This may not be the most commonly reviewed area but where the investments are and how they are structured can be just as important as where they are invested. For Americans who come to the UK, they often arrive on the premise of staying for a few years and then returning to the US without ever needing or wanting to bring money from the US into the UK. Should this be the case and they do not trigger the seven out of nine-year residency rules in the UK, then their US investments are safe from the eyes of HM Revenue and Customs.

However, like many things in life the initial plan does not always stay the same. For those who end up deciding to stay in the UK for longer periods of time, or want to invest money in the UK, the structure of their offshore assets becomes extremely important. If a US individual wants to bring money into the UK from abroad and there has not been a clear separation of the original clean (tax paid) capital from the rest, the UK will view the monies as ‘mixed’. This mixed capital can be subject to income tax on remittance to the UK and thereby causing potential double taxation.

This is the most commonly overlooked issue but has the potential to cause enormous headaches.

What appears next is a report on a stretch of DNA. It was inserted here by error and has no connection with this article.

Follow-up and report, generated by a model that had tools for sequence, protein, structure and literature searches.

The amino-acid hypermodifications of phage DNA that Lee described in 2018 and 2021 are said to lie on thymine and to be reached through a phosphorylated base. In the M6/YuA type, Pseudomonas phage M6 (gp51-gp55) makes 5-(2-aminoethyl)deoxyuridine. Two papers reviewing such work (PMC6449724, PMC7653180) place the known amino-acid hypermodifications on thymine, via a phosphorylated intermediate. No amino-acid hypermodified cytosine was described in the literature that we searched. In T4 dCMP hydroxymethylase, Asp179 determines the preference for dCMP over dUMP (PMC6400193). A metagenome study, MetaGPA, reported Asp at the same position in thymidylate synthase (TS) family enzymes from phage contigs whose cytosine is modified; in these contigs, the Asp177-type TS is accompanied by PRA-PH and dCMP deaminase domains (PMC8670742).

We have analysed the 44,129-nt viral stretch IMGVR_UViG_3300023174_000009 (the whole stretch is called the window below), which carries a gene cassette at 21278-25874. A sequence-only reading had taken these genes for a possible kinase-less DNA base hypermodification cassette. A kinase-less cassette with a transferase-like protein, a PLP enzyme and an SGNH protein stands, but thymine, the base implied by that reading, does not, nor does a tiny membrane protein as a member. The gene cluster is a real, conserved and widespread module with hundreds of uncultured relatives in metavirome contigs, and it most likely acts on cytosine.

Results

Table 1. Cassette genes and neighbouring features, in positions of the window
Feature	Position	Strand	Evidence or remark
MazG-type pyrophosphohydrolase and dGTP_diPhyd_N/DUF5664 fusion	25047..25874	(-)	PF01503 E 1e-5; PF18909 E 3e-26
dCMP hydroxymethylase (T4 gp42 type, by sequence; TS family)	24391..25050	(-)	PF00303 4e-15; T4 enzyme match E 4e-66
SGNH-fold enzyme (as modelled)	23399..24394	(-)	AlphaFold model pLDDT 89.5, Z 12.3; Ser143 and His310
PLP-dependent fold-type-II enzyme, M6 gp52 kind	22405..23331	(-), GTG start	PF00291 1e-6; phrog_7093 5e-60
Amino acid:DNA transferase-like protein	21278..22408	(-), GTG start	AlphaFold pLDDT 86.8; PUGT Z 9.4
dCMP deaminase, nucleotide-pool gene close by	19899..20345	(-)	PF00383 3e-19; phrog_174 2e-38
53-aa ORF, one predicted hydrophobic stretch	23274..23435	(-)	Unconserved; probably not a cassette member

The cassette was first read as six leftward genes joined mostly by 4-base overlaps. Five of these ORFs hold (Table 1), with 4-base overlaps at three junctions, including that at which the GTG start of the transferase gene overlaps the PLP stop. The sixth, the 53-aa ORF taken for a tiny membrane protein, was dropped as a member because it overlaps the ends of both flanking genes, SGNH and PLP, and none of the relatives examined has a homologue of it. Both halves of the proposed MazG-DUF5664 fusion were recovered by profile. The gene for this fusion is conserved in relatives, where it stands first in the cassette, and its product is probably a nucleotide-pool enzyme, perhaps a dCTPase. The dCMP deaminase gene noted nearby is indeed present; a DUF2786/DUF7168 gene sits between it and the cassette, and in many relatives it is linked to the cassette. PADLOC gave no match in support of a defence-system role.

Given that it is difficult to plan for events that may or may not happen, finding an approach that maintains the most flexibility is often the best answer. The solution to this problem may sound simple enough, but it is easier said than done. Assets that are offshore from a UK perspective should be set up in such a way that ‘capital’ is separated from ‘income’. This means that any income/interest/dividend that gets distributed from the assets needs to be ‘swept’ (within 24 hours) to a separate account.

What could you do?

Quite often the mechanism for doing this is more difficult than it sounds, as many of the investments do not allow for this or custodians are not geared up to do it. Ensuring that the investment manager and the custodian bank are able to execute this is fundamental.